• They were warrants, rather than subpoenas. “Vance’s office applied for the warrants under the federal Stored Communications Act, which governs the disclosure of electronic records held by third-party internet service providers,” Kennedy writes. “Facebook’s failed attempt to quash hinged on attempt to characterize the warrants as more akin to subpoenas.” The difference is that subpoenas can be challenged, while warrants can’t, she adds.
  • Facebook wasn’t allowed to fight the warrants, because the Appellate Division’s First Department decided it didn’t have “standing,” or the legal right to object. Only the individuals – all 381 of them – had standing to object, meaning they each would have had to lawyer up and go through the ordeal of fighting the search warrant.
  • Facebook wasn’t allowed to tell the people that the government was requesting their records. This sort of gag order isn’t unusual; there have been a number of times when companies were not allowed to say that a government agency had requested their records. (In fact, in a number of cases, companies have created what’s called a “warrant canary”on their website, where they note that the government has never asked for their records – and then, at some point, the sentence disappears and watchers can see that such a request must have occurred.) If Facebook had told the people, they would have deleted the records, Vance said.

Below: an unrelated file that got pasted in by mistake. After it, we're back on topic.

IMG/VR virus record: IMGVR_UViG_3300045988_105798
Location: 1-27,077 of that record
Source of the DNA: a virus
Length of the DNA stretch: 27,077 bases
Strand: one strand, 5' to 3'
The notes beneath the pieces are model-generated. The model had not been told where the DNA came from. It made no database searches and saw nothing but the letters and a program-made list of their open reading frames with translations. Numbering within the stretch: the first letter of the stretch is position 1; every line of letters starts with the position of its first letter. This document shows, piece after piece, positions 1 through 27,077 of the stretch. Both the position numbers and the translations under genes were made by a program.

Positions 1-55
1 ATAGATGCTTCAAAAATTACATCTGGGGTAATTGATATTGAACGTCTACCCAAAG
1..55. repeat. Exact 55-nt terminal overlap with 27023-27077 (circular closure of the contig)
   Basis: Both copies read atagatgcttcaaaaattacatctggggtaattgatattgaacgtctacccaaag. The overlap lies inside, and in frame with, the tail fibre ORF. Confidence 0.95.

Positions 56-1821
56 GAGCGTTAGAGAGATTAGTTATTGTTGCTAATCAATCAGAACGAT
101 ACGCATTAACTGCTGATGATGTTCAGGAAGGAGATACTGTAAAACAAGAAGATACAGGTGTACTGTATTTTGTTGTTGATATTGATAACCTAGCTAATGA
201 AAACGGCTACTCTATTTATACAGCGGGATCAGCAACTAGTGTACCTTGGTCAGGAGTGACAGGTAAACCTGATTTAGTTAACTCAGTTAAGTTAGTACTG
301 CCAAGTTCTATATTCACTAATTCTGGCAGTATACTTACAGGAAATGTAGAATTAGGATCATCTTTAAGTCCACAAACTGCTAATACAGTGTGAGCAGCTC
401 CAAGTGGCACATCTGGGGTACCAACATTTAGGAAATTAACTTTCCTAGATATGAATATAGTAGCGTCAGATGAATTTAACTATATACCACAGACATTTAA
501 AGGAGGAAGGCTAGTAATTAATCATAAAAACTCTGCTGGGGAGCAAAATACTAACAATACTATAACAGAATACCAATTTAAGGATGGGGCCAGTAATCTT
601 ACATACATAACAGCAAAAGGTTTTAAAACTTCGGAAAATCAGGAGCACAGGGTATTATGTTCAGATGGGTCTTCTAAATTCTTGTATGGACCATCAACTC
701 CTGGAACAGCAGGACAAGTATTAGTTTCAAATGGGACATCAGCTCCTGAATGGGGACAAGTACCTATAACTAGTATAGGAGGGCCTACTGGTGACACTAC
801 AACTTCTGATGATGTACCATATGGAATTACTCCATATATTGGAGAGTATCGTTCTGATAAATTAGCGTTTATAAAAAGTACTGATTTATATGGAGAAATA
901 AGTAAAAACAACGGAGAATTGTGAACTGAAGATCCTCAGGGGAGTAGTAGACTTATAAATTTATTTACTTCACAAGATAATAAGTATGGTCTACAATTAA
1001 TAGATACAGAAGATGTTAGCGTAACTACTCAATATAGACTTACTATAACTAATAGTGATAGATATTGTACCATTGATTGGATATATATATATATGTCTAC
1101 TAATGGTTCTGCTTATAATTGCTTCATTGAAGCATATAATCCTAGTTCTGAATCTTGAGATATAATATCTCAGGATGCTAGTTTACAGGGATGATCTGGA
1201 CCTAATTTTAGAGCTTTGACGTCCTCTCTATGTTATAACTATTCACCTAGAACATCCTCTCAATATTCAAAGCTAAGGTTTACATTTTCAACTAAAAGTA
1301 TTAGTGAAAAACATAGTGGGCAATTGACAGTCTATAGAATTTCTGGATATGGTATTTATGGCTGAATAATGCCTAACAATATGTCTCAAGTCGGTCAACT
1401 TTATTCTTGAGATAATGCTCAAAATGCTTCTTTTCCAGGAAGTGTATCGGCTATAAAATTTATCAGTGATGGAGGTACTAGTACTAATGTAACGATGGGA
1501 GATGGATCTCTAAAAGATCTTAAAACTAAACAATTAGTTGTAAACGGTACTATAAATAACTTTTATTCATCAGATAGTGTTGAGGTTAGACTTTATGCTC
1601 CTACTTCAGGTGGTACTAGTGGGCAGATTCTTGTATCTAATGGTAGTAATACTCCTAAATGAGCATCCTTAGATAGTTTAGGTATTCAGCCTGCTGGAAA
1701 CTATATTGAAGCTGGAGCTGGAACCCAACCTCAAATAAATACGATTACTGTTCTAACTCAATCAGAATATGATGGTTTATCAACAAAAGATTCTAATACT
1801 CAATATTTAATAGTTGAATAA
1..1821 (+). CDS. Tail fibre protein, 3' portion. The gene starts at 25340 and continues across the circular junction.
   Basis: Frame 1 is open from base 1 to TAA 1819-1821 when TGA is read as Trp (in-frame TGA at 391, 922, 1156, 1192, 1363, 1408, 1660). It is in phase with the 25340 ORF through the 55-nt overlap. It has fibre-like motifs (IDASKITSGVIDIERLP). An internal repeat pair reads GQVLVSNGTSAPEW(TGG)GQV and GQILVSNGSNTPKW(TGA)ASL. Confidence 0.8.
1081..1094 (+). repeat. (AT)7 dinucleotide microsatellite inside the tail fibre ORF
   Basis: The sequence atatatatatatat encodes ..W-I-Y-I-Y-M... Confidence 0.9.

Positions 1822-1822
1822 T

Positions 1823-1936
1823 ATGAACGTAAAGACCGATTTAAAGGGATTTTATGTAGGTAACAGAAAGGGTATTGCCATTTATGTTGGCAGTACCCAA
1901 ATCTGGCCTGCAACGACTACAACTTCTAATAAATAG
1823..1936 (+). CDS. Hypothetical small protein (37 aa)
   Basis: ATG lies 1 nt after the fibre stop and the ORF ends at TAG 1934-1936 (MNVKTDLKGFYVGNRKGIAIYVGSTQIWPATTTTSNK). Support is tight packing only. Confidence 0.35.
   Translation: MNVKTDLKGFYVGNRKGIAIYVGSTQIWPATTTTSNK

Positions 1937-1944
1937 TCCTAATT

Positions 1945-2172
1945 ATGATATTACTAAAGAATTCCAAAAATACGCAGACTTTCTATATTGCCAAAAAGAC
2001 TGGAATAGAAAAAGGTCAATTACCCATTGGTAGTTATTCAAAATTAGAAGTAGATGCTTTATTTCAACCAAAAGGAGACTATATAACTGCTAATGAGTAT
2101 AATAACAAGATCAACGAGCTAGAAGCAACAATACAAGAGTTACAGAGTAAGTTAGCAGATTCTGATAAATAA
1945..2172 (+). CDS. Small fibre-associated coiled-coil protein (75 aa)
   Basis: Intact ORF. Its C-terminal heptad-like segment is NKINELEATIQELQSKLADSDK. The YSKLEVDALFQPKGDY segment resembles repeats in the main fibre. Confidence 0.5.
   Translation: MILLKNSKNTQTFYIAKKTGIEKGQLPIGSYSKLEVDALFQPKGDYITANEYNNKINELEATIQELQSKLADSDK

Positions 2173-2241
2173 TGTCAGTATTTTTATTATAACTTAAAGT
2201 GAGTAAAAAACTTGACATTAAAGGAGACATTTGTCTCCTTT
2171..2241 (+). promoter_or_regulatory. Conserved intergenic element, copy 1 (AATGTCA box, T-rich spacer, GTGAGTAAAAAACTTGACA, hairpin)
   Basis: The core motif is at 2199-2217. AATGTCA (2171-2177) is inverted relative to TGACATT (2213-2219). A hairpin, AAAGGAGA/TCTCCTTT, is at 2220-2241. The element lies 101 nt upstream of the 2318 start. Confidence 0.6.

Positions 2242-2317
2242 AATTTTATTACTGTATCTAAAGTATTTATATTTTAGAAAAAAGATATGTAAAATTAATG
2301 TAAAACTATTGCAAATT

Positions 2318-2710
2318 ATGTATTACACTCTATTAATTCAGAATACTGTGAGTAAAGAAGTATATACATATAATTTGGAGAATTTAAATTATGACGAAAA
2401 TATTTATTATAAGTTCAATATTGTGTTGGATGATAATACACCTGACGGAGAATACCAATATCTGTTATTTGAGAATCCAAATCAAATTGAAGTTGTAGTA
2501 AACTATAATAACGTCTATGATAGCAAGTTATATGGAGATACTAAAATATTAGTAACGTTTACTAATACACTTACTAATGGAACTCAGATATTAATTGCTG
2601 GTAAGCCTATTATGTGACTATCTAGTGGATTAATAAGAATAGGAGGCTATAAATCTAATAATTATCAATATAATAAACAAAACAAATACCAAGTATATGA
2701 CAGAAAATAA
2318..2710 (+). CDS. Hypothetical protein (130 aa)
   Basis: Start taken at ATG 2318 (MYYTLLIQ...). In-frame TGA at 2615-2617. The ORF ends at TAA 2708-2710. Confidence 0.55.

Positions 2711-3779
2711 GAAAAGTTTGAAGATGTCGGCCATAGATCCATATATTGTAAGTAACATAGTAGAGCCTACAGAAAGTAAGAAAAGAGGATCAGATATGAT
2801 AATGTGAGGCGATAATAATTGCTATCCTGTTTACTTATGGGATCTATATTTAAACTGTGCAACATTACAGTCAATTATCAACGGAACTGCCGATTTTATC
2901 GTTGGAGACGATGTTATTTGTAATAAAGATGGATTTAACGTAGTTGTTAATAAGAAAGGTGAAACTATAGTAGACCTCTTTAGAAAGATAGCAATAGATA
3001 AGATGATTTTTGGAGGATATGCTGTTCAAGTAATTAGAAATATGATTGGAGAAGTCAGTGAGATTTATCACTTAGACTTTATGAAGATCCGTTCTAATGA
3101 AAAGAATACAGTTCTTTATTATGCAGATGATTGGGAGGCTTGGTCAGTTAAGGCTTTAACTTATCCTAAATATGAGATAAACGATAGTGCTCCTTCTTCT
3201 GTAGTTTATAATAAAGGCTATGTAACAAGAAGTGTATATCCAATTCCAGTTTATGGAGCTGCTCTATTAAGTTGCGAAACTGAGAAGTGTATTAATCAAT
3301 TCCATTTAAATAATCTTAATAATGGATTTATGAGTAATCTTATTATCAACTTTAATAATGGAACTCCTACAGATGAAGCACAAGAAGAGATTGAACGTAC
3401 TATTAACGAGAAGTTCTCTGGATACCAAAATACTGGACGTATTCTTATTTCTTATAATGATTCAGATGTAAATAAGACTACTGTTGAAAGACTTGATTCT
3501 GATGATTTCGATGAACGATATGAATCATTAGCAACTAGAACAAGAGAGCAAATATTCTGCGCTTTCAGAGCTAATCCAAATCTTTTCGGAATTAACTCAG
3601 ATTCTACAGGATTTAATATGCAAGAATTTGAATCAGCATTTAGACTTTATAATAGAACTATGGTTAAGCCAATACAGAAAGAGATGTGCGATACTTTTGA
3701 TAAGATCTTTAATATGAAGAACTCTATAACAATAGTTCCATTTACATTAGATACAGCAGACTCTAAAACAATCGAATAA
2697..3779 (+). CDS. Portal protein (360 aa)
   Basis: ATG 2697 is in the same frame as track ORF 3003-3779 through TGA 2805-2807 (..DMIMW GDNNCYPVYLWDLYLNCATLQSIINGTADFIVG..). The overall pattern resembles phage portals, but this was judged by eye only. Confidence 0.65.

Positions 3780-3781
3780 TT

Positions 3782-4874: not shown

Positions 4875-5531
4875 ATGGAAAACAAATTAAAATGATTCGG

All of this is critical because people – not just Facebook – are concerned about what it could mean for the future. For example, could the government get a warrant for everyone who posted on Facebook that they had attended the Women’s March so it could arrest them or put them in some sort of database? Could the government get a warrant for everyone who had posted something to Facebook indicating they were Muslim? In this day and age, one never knows.

Testimony on the suit was taken earlier this month to the New York Court of Appeals, with a decision expected to be rendered by the six-judge panel near the end of March, Stashenko writes.

2  Comments on this Post

 
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  • Mccarthy
    Interesting. Didn't sound so bad at first, but then I kept reading. The efforts by government agencies to get around Constitutional protections is never-ending.
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  • designdog
    It made researching these peoples lives pretty easy for Mr Vance's office. Imagine them doing surveillance on each individual waiting for them to go "jet skiing" for instance. Also if they didn't find any damning evidence through Facebook were they dropped from the investigation. I believe ISP's and google's face book charge law enforcement and gov. agency's a fee for the info regardless if there's a warrant. There by leaving little incentive not to pony up the requested info. Sticking the tax payer with the bill for holding peoples personal info against them in court. Information gathering on peoples private lives has become a pretty lucrative business.